James Johnstone, co-head of emerging & frontier markets at RWC Partners, looks at the four main drivers of healthcare expenditure in relation to emerging markets.
Healthcare is of fundamental importance for the economic development of emerging and frontier markets.
Since the establishment of the World Health Organisation (WHO) in 1948, governments and regulators have been working to improve the quality and efficiency of healthcare services worldwide.
Understanding the 'technological revolution in healthcare'
But we still see a great imbalance in expenditure both in absolute and relative terms.
Currently, aggregate global spending on healthcare is around 10% of GDP ($9trn), with the US alone accounting for $3.5trn.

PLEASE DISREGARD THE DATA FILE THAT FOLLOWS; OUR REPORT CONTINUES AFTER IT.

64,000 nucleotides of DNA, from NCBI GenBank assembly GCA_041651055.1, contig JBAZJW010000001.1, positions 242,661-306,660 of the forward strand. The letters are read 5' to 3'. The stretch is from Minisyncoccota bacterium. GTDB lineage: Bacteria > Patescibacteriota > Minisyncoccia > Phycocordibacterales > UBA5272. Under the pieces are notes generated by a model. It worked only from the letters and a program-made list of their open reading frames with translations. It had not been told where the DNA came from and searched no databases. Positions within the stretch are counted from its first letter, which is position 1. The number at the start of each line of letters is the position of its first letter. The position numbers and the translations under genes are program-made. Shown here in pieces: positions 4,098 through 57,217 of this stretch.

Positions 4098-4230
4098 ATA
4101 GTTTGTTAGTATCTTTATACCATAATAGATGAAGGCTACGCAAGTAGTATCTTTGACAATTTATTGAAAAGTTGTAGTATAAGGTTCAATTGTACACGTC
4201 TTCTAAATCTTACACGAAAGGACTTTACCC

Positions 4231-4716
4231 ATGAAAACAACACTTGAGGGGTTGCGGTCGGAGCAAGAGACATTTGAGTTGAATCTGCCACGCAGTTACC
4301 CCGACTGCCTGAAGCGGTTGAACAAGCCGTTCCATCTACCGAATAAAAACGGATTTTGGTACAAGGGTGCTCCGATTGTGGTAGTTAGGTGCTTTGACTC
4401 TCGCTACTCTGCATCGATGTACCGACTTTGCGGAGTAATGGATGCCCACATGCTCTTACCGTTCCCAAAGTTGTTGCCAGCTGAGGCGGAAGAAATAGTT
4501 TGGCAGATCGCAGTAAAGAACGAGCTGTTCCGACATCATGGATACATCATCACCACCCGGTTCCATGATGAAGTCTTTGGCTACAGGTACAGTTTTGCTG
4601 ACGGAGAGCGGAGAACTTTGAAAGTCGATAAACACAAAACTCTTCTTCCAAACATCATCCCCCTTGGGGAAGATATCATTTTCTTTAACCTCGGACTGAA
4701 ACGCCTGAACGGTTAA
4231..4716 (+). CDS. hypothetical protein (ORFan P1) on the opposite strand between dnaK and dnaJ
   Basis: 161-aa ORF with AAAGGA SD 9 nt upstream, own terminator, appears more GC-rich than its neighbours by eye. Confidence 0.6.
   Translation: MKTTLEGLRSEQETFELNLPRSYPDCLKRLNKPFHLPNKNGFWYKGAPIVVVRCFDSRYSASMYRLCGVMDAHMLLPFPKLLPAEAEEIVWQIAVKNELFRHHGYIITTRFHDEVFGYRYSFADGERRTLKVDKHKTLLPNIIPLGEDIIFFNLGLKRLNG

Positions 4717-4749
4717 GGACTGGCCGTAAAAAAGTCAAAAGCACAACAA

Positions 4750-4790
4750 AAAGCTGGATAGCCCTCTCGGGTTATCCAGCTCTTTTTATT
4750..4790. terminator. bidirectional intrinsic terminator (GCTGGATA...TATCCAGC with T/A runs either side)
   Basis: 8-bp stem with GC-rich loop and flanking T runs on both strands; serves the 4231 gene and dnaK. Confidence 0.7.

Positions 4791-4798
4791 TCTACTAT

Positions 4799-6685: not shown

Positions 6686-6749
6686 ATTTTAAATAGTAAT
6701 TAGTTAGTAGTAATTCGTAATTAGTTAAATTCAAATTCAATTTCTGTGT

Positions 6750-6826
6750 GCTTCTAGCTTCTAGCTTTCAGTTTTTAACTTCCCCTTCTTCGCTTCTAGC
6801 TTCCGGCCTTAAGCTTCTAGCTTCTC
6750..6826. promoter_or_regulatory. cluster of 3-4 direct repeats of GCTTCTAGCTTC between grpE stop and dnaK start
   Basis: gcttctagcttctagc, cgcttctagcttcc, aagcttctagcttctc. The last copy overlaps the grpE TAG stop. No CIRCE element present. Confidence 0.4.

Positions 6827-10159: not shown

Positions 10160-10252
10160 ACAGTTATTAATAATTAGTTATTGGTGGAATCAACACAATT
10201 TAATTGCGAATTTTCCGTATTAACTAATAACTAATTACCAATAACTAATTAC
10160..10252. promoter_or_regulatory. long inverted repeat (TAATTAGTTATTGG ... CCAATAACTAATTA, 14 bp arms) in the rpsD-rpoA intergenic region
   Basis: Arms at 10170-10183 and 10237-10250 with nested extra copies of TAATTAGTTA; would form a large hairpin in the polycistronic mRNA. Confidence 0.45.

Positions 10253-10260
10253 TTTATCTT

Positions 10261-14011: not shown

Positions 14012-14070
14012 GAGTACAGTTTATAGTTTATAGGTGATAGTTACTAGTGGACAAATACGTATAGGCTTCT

According to the WHO, global spending on healthcare will likely increase to $24trn by 2040, with the majority of growth set to come from emerging and frontier markets.
In the early stages of development in healthcare systems, a population usually relies on its own knowledge of hygienic and preventive practices to provide remedies and cures for illness and disease.
As economies and countries develop, more complex treatments become available, leading to a greater involvement of governments and regulators.
Broadly speaking, the gallery above shows the four main drivers of global healthcare expenditure: demographics, disposable income, technology and public policy, with medical tourism also playing a role in some cases.